Home     About Us     Search     Contact Us 

  Indian Cuisine & Culture Made Easy in the United States




 Indian Cuisine Made EZ

Indian Herbs, Spices and Ingredients...


Glossary of Indian Food Terms 

Do you know what they mean?

Indian Kitchenware

Food Measurements and Conversions

Indian Tea 


Indian Recipe Box

Non-Vegetarian Cuisine

Vegetarian Cuisine

Having a Party ? Party Menus 


Fun Cocktails

Cooking Tips & Tricks

Managing time when cooking Indian food

Cooking With Your Kids

Have a Question?


 New Service Launched ! Try It ! 


Click to subscribe to our open discussion about 

"Indian Cuisine and Culture"

 Cooking Links

International Cooking Links

Indian Cooking Links

Add A Link 



Puffed deep fried whole wheat bread

Breads play an important role in the Indian menu for they serve not only as an accompaniment but since Indians eat with their fingers, they are also used as an implement, (instead of a fork or a spoon) to scoop up the vegetables and rich curries from the plate. 
Web www.CuisineCuisine.com

Indian bread is nothing more than flour, water, salt and sometimes oil or ghee kneaded in.  Breads are either shallow fried on a tava /griddle, deep fried in oil or baked in a tandoor or oven.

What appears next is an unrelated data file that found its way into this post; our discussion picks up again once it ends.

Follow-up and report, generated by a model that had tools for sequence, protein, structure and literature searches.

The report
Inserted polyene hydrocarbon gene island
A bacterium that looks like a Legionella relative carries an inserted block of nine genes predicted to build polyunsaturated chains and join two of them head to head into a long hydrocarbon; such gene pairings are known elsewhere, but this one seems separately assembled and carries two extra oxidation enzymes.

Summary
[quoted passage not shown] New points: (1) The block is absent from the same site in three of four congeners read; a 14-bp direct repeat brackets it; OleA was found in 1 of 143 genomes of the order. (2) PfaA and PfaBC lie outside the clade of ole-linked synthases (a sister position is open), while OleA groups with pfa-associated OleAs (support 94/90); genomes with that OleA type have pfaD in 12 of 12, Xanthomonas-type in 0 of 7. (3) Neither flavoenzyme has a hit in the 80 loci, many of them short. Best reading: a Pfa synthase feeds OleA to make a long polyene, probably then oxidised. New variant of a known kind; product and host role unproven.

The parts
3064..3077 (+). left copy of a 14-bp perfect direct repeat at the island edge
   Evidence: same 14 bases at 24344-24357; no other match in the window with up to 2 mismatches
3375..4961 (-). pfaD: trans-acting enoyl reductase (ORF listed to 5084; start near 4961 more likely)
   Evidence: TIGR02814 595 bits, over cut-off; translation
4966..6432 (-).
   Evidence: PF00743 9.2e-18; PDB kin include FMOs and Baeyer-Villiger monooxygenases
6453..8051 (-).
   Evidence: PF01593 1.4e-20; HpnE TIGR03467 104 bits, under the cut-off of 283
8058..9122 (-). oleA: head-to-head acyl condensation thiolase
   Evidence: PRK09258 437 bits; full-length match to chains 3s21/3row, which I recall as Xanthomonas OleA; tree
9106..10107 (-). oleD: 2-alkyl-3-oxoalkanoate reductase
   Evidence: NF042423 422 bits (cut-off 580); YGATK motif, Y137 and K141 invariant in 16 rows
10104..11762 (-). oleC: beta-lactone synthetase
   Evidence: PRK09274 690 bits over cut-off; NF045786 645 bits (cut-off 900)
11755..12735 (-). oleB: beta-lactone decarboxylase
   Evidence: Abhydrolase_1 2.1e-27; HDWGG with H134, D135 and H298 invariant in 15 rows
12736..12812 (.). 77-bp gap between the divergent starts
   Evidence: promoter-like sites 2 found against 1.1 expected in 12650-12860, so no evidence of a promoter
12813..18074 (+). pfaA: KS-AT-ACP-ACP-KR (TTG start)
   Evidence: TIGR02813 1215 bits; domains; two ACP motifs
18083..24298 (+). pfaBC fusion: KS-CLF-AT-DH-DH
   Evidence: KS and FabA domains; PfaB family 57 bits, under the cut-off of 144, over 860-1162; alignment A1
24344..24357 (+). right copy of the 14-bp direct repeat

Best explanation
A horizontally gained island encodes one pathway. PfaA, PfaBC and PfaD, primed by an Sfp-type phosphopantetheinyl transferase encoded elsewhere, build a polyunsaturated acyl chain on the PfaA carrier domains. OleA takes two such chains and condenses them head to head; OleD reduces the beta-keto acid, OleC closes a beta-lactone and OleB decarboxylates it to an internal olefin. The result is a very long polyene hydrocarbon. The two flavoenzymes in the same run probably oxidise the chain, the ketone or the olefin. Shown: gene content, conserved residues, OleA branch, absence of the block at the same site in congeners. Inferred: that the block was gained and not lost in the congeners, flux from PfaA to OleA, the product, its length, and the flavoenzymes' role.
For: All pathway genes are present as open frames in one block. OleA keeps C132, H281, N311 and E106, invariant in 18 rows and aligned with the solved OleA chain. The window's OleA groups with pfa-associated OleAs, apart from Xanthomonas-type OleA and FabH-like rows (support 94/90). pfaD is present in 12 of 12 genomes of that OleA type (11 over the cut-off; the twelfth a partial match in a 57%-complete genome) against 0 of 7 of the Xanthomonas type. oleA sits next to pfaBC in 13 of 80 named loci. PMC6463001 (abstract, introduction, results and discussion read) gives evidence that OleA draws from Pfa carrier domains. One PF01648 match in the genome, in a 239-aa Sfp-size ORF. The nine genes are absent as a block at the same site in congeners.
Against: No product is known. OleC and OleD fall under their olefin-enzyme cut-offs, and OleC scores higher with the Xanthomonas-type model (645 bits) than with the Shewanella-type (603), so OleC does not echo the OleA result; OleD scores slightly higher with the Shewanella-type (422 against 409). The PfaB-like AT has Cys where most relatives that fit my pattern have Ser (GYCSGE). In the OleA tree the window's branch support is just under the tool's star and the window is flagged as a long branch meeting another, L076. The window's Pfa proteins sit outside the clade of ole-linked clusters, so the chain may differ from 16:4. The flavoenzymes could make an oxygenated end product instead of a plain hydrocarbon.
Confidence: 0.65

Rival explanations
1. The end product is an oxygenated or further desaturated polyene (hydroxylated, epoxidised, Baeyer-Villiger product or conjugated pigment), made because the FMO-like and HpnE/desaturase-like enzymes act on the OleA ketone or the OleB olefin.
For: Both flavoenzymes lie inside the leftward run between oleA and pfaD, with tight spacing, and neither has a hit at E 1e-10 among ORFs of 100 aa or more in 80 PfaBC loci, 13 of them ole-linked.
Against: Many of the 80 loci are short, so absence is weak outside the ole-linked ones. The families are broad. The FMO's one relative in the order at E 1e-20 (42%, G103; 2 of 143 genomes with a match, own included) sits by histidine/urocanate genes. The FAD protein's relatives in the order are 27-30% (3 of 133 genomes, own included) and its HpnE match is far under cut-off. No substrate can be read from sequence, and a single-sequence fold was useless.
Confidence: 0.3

Indian breads are mostly unleavened. Most of the Indian breads are made with wheat flour but there are others which are made out of rice flour, corn flour, refined flour, millet flour (bajra), milo flour (jowar) and sometimes even lentil flour (daal). The lentil flours are added to make the bread richer in flavor and protein. 

Pooris can be made sweet or savory. The plain poori can be eaten as an accompaniment with any curry.

4 cups Wheat flour
1 cup Water (approximately)
1 teaspoon Salt
cup of Oil
Oil for frying
Oil for rolling
Mix the salt into the flour.

Warm the 1/2 cup of oil, when medium warm pour it into the flour and work it in. Add the water into the flour and oil mixture and make a stiff dough. Divide the dough into balls approximately 1" in diameter.

Flatten each ball and using oil for rolling, roll into discs approximately 4" in diameter. Heat the oil in a deep wok like pot, wait until it is hot.

To test the oil, drop a small piece of dough, if it is hot it will float up immediately bubbling as it comes up to the surface.

Frying the Poori

Now slowly slide the poori from the side of the pot into the hot oil. Deep-fry the poori until golden brown. When it puffs up, turn it once on the other side. Fry for a minute and remove. Serve hot as they are made. Poories can be eaten with sweet as well as savory dishes.

Eating with your fingers!!!

In India, food etiquette demands that the meal is eaten with the fingers of the right hand, which is an art itself.



Guest Book      Contact Us


Advertising Info    Disclaimer    Viewing Tips

Click   if you would like to save this page in your favorites folder for later.

Copyright CuisineCuisine.com All rights reserved